“Was that surprising?” I asked.
“No,” he said. “But it was surprising that nobody was sort of getting it. That I didn’t want to continue.”
I tried to steady the camera as it hit me that my father was making his final request. He needed permission from his family—from me—to die. Fixed in my role as filmmaker, I said nothing. Nor did I speak out when, later that week, the volunteer psychiatrist for Hospice of Metro Denver became its newest patient.
I don’t have as many
illusions about myself….There’s more of an acceptance of—this may sound odd, but I call it ‘nothing special.’ I used to harbor this idea that I had to be something special. I realize I’m just another person among billions and billions of people. —quote taken from an interview with my father, 2003.
The last time I saw my father was Thanksgiving Day, 2003. He had been doing the hospice at home program, and, despite some bad pain, seemed happier being off the chemo. Most days he was able to walk on his own, and on that morning the two of us went to Whole Foods. As usual, he sampled everything available, then bought up about four times as much cheese and nuts as we needed. He was in good spirits, and before the guests arrived I sat him down for one of our regular interview sessions. By now our intimate little dance had taken on the aura of ceremony. For him, I think, the filming was like supreme validation; for me, it signified his belief and trust in me and my work.
“Here it is, Thanksgiving 2003, 12 years since I was diagnosed,” he said, proudly. “In September I went into hospice and was given eight weeks to live. And once again, they’re wrong.”
When it came time for dinner, dad raised a glass to toast the large gathering of friends and family. “To the usual suspects,” he said with a big smile, as I hovered over the table with the camera. “Here, here,” a few people called out, and we all clinked glasses.
The following week, when I was back in New York, dad began having serious trouble breathing, even when hooked up to the oxygen machine next to the bed. He couldn’t urinate. His pain was so bad that he had no choice but to take massive amounts of morphine, leaving him foggy and sometimes hallucinating.
By Friday he was speaking gibberish; my mom, normally a paragon of strength, crumbled to pieces and couldn’t stop crying. I wanted to get back, but a blizzard had struck New York and none of the airports were operating. I spoke to Dad briefly that night, but it wasn’t even clear if he recognized who I was. He kept muttering something about going to the movies. I couldn’t help wondering if it was our film he was seeing in his mind’s eye.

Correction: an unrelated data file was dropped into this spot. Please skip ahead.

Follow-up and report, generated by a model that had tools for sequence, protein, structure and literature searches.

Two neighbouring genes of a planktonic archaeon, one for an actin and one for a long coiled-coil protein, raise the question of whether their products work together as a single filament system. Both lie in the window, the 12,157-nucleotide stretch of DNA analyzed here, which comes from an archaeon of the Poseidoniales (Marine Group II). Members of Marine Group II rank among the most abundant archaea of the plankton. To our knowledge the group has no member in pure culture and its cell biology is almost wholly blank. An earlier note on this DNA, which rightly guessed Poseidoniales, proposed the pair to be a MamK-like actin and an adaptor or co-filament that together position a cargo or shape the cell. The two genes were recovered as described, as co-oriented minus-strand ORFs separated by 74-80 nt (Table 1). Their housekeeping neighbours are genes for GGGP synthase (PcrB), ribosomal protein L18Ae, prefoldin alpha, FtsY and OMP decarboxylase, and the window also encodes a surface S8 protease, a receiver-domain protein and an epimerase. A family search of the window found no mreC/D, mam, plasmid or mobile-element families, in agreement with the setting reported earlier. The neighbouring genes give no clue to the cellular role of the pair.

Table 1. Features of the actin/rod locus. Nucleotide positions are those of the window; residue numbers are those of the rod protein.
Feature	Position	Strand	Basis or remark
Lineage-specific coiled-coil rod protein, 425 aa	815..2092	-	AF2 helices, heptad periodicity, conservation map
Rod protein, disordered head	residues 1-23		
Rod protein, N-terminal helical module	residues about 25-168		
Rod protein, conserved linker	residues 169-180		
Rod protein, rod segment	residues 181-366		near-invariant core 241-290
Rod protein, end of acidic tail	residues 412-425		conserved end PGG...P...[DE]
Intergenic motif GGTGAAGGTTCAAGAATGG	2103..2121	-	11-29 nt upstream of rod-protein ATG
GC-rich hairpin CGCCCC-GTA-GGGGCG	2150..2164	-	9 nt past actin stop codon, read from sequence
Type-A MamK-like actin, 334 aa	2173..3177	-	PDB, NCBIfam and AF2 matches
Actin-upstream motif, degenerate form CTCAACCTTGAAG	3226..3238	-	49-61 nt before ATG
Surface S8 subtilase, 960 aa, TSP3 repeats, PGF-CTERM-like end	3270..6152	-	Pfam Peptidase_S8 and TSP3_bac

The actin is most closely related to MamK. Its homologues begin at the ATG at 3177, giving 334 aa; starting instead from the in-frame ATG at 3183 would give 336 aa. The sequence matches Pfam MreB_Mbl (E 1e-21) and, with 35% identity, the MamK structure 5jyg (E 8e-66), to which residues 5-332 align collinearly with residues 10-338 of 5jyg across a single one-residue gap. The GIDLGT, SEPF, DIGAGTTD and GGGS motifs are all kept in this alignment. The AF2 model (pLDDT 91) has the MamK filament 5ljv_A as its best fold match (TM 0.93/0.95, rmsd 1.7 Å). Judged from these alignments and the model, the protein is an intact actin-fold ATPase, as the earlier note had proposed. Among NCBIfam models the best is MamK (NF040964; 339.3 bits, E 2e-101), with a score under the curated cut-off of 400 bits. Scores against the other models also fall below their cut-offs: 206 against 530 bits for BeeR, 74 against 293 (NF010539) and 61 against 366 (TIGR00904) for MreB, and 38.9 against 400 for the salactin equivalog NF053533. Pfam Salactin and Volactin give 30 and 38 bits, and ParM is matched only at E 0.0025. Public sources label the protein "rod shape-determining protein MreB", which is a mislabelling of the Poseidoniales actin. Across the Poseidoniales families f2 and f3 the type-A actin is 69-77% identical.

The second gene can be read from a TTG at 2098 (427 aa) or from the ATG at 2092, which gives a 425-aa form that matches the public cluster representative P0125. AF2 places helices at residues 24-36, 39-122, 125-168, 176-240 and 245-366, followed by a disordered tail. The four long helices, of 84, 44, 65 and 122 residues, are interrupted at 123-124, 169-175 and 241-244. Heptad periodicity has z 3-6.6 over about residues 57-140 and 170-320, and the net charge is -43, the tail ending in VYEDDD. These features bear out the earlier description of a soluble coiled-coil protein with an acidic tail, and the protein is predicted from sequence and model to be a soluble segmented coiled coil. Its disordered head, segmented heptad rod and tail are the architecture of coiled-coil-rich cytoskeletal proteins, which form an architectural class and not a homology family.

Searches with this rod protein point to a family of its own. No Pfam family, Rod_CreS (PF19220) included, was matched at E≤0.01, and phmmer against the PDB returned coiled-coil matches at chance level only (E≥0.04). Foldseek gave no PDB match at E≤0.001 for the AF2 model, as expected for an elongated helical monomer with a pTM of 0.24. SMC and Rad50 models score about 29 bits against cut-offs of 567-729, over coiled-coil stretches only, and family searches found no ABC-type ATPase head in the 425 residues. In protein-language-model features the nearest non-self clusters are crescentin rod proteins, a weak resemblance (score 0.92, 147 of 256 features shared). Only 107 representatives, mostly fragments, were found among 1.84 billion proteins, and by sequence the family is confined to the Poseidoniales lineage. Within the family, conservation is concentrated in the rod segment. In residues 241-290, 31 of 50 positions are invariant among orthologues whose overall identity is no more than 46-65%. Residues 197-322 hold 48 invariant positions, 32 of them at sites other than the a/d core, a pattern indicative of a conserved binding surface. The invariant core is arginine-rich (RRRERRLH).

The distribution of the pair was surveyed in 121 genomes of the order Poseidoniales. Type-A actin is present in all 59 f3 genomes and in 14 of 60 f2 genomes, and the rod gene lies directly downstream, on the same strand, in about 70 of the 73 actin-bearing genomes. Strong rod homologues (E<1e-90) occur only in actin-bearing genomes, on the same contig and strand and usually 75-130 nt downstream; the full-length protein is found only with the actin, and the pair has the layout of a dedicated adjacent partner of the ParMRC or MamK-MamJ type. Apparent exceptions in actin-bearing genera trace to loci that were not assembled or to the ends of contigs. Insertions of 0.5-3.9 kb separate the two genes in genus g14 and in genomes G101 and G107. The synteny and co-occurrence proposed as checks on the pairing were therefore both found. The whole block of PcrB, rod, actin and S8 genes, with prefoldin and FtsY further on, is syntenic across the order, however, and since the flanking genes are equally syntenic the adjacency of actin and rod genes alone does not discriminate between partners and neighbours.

On Saturday he fell into a coma. When I called, my mom put the phone up to his ear. Aware I might not make it home in time, I did what I knew I had to do. By now I’d realized this film was as much about me as it was about him. And this time the tape was rolling in my New York apartment, big flakes of snow coming down outside the window. “I love you,” I said, trying to make the words clear through my tears. “And it’s OK for you to go.” I wished I’d had the courage to say it earlier so I would know he heard me. I certainly wasn’t expecting him to answer. After all, he hadn’t spoken or moved in almost 24 hours. But then from the other end of the phone came a ghostlike groan. “Julian,” my father said.
The next day I got on a plane about 6 a.m. It had been six hours since I’d spoken to my mom, and it was now too early in Denver to call her. When I touched down at DIA I turned on my cell phone, prepared to see a message waiting with the news. But there was none. Hurrying through the terminal with my carry-on to meet my brother, I dialed his number. “He’s still alive,” Daniel told me.
It was a bright winter day, and as we sped home from airport I squinted out at the landscape, brown and lifeless. We were racing against time, and I tried not to be annoyed when Daniel missed the exit and had to get back on the highway going the opposite way. About 10 minutes from home, his phone rang. The caller ID showed it was my mom. “We’re almost there,” Daniel said, picking up. Then a pause. “OK,” he said and hung up. “He died,” Daniel said, and as we rode along the quiet backcountry roads toward eastern Parker, my younger brother took my hand in his and we wept.
After uttering my name, my father had said only one more thing before he died. While my mother was sitting with him, he’d sat up with a startle, grabbed her arm, and whispered, “It’s going to be OK,” before falling immediately back into a coma. That was December 7, 2003, more than 12 years after his initial diagnosis. He was 61.
Until earlier this year, his number remained in my cell phone and the plastic bag full of mini-DV tapes I’d shot sat in the closet, unedited, unwatched. The two-plus years since his death had been full of major life changes. My first book had been published to critical success and picked up by Hollywood. Meanwhile, my marriage, after five years, had ended. In the fall I’d applied for and was accepted to do a residency at an artist colony in New Hampshire. I planned on working on a novel, but at the last minute decided to take the bag of videotapes with me.
I spent the first few weeks there in my cabin, watching the footage. Alone in the stillness of the New England woods, I cried and then cried some more. Partly for the losses I had suffered. But also because I saw a piece of myself in the man on the tape: my father, the Bronx-born Jew and Colorado horse owner. My father the doctor turned cancer patient. My father, who’d helped me learn to live, asked me to let him die, and left me to tell the story.
Julian Rubinstein is the author of Ballad of the Whiskey Robber.